Guillermo del Toro Writes For Empire: ‘Nightmare Alley Is The Most Difficult Movie I Ever Made’ – Exclusive

Nightmare Alley

by Guillermo del Toro |
Updated on

A new film by Guillermo del Toro is always something to savour – a filmmaker who straddles the line between arthouse fare and blockbuster thrills with ease, and whose bold, beautiful work swirls in genre traditions, gorgeous filmmaking, and an affinity for all things monstrous. His latest, Nightmare Alley, is no less special, but marks new territory for the director – a deep, dark noir thriller with no ghosts, ghouls, or supernatural elements, but all the rich atmosphere and captivating character-work you’d expect from the man who made it. At the centre of it is Bradley Cooper as Stanton ‘Stan’ Carlisle – a charismatic con-artist drifter who joins a carnival, reinvents himself as a clairvoyant, and bites off more than he can chew.

Coming off the back of the multiple-Oscar-winning The Shape Of Water, del Toro wasn’t going to take the easy route. As he writes exclusively in the latest issue ofEmpire, the making of Nightmare Alley proved to be his biggest challenge yet – not just because of the delays brought on during the Coronavirus pandemic, but because he had to teach himself to be a new kind of filmmaker. Read an exclusive extract from del Toro’s piece here, and find the full feature in the new issue – on sale Thursday 23 December.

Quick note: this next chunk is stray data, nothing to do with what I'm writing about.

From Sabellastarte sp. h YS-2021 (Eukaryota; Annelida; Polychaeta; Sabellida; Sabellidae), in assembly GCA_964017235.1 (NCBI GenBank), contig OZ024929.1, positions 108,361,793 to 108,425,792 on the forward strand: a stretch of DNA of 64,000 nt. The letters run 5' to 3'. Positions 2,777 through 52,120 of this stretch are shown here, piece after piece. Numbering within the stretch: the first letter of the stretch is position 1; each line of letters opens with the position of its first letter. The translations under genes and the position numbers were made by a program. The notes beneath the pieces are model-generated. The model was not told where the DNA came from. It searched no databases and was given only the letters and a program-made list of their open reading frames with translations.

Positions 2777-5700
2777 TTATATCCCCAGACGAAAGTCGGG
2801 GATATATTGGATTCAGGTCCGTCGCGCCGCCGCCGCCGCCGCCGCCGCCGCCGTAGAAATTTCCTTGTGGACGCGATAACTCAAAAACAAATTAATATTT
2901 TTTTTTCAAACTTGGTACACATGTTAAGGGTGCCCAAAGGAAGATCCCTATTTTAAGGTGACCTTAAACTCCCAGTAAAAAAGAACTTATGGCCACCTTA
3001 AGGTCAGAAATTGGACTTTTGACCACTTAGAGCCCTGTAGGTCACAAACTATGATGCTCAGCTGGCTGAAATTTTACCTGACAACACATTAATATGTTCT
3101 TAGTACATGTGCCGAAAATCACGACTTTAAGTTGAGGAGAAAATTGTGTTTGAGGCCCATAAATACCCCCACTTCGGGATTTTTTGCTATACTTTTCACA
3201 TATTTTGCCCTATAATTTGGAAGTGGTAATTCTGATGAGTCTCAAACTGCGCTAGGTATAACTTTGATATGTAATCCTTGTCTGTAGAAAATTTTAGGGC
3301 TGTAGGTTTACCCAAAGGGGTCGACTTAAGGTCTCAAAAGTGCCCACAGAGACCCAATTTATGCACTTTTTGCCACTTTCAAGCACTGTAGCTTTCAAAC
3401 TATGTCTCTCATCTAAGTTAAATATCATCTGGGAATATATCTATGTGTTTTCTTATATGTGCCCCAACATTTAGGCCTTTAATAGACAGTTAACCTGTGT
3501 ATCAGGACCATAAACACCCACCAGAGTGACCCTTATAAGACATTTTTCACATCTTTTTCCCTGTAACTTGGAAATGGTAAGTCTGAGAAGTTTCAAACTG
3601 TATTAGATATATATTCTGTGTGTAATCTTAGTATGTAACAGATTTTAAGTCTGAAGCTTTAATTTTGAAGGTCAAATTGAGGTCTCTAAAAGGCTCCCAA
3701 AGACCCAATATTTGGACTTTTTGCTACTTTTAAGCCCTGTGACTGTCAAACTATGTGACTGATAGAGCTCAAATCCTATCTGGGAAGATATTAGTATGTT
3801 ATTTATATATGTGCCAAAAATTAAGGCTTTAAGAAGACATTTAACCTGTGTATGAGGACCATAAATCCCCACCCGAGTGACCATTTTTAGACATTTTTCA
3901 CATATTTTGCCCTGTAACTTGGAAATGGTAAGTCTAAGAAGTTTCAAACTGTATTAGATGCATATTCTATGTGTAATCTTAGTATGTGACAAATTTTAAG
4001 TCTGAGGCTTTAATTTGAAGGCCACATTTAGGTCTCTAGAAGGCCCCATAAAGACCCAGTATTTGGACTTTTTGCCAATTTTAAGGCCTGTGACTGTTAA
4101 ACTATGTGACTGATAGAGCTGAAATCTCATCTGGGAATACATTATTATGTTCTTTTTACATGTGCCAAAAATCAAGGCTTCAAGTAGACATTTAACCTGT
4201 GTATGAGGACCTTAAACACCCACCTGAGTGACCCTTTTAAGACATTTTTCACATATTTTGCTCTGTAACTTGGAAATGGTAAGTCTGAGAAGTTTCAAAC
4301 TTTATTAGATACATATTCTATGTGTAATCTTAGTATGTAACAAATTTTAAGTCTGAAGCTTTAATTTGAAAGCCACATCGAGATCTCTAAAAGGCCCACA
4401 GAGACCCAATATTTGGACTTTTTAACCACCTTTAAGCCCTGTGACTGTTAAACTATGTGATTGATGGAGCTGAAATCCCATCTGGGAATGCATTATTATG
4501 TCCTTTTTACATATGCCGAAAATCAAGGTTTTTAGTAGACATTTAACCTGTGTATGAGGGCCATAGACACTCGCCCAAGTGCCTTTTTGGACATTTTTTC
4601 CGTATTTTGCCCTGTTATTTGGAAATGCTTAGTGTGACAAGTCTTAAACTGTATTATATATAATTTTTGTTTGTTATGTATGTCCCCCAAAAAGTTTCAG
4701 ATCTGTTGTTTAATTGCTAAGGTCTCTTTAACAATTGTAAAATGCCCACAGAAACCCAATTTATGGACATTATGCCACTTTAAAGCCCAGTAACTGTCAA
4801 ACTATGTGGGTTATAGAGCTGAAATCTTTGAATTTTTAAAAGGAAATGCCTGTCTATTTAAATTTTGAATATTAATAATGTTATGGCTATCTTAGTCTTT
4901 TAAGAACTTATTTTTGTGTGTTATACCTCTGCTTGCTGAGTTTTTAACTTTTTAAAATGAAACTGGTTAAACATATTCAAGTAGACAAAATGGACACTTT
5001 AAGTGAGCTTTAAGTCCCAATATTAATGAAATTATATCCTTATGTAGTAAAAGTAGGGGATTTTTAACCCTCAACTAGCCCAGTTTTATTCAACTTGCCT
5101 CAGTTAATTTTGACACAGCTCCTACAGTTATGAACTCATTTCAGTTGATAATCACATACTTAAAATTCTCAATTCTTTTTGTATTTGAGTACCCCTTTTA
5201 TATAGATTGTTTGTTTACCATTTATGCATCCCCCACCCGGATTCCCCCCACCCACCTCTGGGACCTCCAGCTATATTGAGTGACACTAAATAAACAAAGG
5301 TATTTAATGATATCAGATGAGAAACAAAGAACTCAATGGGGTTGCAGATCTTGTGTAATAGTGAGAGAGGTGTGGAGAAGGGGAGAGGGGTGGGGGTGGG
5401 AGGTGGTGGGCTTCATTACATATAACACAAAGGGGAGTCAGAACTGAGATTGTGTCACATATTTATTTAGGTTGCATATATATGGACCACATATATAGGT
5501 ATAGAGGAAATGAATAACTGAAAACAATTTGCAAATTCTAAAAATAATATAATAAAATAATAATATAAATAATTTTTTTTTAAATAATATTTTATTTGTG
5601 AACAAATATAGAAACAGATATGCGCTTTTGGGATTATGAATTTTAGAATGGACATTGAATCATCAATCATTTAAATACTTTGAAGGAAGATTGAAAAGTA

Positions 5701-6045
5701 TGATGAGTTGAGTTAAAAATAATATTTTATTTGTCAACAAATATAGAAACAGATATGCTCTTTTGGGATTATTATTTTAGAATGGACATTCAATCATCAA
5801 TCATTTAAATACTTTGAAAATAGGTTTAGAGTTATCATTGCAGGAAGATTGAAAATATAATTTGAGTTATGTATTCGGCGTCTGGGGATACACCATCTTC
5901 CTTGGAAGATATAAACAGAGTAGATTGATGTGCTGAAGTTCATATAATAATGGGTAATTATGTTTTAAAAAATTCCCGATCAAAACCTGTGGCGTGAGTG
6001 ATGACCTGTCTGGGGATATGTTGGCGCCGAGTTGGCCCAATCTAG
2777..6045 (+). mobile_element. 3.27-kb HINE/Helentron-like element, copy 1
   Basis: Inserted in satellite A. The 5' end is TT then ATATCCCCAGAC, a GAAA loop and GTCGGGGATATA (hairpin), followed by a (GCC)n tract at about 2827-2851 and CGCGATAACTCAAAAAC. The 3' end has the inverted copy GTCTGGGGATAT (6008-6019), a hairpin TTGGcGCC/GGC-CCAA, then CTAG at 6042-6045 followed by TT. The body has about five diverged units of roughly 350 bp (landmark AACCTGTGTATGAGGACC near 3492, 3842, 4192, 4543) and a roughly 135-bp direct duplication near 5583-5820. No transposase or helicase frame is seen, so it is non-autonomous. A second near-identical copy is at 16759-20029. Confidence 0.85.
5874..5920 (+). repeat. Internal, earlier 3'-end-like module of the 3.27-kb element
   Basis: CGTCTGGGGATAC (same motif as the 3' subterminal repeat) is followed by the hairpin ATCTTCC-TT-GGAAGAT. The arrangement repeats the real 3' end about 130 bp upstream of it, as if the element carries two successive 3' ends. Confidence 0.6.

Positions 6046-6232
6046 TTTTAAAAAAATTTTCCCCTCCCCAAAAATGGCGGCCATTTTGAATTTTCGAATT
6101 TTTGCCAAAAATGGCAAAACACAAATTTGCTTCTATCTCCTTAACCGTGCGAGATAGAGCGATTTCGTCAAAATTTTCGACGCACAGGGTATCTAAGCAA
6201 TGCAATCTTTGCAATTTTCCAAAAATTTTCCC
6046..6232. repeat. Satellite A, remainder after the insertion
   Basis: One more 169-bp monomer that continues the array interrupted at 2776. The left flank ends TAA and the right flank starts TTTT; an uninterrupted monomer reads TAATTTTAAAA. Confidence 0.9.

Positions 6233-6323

Nightmare Alley – Behind the scenes exclusive

This is, bar none, the most difficult movie I ever made. Pan’s Labyrinth was similar, in that you don’t know if you’re going to be able to complete – or even survive – it because so much is against it. But then – that’s when you grow…

When I went from The Devil’s Backbone to Blade II, I called my agent and said, “Please get me out of here. They’re gonna fire me in the first week. I am not an action director.” And my agent said, “Well, become one.” And I thought, “Yeah, why not?” Coming into Nightmare Alley, I had to use tools and instincts that were new – I had to be a noir, drama director – but in a career that can encompass Pacific Rim or Pan’s Labyrinth, well, I just decided: “I’ll become one.”

I think the idea of destiny being in your hands is the same story as Hellboy. I think that the idea of unborn things being symbolic of who we are is in The Devil’s Backbone. The idea of obeying or disobeying oneself, and going with what’s easy, is in Pan’s Labyrinth. Jacinto in The Devil’s Backbone is another Stan-like character… But what’s beautiful for me with this movie is the evolution of characters that can, at the same time, be good and bad. I feel this is the time to talk about the monstrous in us… I am almost 60 and, as my father would say, well, it’s about time.


Empire – February 2022 – The Batman covers

Nightmare Alley comes to UK cinemas from 21 January. Read Guillermo del Toro’s full feature – writing about the making of the film, the casting of Bradley Cooper, the Jungian themes at its heart, the impact of Covid on its making, and much more – in The Batman issue of Empire, on sale Thursday 23 December and [available to pre-order now here](http://Both:

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